Home / Posts Tagged "Aaron Rochlen"

And how can music be used to help counselors in training? According to Educational Psychology Professor Aaron Rochlen, more than you might think.

In his Counseling Theories class, Rochlen frequently connects complex psychological theories to media, movie clips, and song lyrics. In a recent visit to his graduate level course, several examples unfolded. He played a clip of LeBron James discussing why people enjoy when he loses as examples of “splitting” and “projection.” A clip from the classic movie Scarface, where Tony Montana tells others why they needed him to see him as the “bad guy” illustrated the concept of projective identification.

In another lesson, Rochlen shared a clip of the new Jim Carrey series Kidding, in which Carrey plays Mr. Pickles, a happy go-lucky TV character whose personality contrasts his depressed, grief-ridden, off-screen character. The scene was used to show the Jungian concepts of persona, shadow, and incongruence.

The class also talked about Tiger Woods, who made a recent comeback after a devastating personal scandal to win his first major tour in five years. Woods’ rise, fall, and return provide a case study for competing archetypes. Specifically, the class discussed the destructive power of what one could argue as Woods’ “hidden shadow,” which competes with his earlier good-guy public persona.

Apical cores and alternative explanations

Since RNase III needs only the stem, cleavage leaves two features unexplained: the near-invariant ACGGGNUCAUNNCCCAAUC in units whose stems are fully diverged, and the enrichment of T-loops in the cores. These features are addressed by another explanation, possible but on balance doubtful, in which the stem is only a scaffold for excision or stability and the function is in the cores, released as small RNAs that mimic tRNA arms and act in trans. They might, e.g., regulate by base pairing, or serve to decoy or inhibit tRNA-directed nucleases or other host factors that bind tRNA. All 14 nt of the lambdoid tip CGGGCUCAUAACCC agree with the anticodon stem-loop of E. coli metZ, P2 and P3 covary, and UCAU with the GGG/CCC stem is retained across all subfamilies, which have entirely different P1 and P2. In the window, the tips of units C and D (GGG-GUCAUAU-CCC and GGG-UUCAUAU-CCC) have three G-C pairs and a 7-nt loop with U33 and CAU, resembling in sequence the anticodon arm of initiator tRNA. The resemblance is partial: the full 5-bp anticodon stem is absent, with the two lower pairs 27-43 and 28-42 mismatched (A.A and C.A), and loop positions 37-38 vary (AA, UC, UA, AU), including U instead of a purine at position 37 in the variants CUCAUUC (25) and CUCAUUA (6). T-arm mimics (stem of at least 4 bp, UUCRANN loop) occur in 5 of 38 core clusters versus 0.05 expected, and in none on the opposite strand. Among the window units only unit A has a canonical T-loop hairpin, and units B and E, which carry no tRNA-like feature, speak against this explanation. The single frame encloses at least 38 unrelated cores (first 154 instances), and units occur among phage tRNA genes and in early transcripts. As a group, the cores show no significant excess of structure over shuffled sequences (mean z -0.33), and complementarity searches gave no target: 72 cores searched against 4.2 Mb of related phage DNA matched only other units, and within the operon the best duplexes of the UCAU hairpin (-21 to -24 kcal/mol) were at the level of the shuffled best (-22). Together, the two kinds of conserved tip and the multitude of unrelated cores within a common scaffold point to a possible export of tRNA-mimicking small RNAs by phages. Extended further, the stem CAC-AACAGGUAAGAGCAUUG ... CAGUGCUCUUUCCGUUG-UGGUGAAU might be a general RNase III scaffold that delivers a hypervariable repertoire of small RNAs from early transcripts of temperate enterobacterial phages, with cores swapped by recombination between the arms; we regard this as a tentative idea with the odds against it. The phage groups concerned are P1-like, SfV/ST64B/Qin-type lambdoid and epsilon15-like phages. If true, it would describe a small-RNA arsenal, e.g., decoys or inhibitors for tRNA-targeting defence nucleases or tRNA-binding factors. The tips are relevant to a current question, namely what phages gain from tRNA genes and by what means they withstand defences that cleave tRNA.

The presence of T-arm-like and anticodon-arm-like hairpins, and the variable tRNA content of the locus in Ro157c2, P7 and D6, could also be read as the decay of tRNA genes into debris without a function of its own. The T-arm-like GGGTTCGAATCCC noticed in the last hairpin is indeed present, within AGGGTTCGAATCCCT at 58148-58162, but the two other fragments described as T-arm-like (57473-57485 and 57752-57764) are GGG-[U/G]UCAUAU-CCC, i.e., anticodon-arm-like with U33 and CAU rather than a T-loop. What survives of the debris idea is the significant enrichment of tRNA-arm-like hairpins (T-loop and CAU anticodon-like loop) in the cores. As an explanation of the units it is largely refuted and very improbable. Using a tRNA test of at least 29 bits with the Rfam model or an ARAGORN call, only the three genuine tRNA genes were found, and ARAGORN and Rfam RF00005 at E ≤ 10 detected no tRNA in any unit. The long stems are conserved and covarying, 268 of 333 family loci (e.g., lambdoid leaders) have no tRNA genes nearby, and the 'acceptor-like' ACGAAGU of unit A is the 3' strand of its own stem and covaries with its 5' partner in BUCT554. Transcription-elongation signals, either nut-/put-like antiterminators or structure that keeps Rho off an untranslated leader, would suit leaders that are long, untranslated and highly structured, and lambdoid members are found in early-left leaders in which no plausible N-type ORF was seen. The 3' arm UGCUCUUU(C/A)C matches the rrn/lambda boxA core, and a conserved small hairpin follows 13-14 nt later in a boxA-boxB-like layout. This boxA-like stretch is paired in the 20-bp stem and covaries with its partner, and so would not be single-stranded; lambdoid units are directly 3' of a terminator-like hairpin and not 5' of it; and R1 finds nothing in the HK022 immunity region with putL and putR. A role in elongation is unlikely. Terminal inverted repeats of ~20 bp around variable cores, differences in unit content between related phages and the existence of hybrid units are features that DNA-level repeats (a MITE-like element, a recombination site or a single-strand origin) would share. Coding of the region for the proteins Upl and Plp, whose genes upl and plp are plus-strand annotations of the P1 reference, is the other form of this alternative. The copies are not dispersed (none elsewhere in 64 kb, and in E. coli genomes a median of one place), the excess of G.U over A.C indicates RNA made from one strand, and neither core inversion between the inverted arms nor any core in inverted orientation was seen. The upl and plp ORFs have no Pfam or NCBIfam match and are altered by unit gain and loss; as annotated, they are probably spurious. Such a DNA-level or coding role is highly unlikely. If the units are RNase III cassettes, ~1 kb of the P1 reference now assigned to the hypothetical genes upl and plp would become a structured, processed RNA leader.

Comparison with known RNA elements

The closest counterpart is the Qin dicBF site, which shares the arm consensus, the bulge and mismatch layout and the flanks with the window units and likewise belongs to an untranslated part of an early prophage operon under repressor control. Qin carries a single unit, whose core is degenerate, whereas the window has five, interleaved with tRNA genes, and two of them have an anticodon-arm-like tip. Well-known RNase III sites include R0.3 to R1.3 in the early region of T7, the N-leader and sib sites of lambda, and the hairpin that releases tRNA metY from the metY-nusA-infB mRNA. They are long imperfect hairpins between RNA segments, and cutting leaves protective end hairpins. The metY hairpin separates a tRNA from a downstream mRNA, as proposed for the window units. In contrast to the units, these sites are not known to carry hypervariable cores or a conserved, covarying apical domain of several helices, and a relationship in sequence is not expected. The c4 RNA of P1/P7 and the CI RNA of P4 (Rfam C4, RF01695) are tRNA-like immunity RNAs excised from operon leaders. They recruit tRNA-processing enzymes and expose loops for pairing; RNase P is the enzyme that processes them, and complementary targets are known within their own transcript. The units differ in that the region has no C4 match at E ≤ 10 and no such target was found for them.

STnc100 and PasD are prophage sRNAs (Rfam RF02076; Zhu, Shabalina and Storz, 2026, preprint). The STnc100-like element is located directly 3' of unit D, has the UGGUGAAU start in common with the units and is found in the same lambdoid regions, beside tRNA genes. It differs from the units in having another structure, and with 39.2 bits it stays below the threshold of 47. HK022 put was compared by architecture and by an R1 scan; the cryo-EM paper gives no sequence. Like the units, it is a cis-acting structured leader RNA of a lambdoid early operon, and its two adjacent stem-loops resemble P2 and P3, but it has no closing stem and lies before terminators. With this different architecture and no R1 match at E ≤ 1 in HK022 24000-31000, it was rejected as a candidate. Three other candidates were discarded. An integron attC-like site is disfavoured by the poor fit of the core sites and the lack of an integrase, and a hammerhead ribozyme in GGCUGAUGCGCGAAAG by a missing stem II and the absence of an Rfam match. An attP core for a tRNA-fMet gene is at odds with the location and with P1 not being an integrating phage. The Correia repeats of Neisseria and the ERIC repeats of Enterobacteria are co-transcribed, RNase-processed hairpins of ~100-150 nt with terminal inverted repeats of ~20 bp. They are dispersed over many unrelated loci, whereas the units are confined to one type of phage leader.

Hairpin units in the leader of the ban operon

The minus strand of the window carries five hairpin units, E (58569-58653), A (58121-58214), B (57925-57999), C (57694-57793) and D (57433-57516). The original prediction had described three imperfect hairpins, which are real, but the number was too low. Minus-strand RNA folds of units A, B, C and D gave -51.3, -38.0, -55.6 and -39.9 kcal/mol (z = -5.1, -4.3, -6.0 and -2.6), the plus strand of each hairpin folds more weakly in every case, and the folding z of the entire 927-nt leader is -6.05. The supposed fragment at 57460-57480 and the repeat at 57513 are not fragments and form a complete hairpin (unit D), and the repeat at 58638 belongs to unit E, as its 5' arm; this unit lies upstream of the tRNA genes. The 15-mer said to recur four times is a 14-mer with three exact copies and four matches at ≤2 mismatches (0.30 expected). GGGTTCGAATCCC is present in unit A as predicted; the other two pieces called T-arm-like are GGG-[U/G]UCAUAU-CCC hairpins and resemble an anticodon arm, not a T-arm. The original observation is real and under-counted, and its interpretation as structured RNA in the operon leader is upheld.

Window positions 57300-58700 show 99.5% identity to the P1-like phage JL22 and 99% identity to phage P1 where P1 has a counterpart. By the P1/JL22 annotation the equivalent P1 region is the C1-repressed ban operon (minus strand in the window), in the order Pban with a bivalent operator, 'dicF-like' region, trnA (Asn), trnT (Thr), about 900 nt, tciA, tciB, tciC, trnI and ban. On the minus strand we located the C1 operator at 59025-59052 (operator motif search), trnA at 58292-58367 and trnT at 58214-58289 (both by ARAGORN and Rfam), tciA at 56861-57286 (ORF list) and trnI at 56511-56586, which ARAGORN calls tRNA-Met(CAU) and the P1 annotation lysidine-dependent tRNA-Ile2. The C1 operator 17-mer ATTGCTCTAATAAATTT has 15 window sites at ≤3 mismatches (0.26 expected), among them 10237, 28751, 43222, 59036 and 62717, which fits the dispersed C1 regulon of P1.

These in-class discussions gave the students the opportunity to apply what they learn about psychological theory and counseling. Says Rochlen, “Popular culture connects to and entertains us. But it’s often much deeper, more personal. In class, I try to make these connections and use these examples to facilitate an understanding of human distress and common life-challenges in a fun way.

It’s within this context that Rochlen introduced lyrics of one of his favorite bands, Dawes. Says Rochlen, “When I first discovered Dawes, I loved the music. After a while, I realized the lyrics offered ideal connections to concepts articulated by Freud, Jung, and existential authors. In class it became clear that my students were learning in different, creative, personal ways, and who doesn’t like jamming out in class?”

Some Dawes examples used for teaching stand out.  He played “Just Beneath the Surface” to illustrate Freud’s concepts of the unconscious, defense mechanisms, and Freudian slips.  He asked students to listen to “Something in Common” while prompting them  to reflect on the concept of “persona” and the unconscious message of dreams.

Professor Aaron Rochlen with the band Dawes

Professor Aaron Rochlen, center, with the band Dawes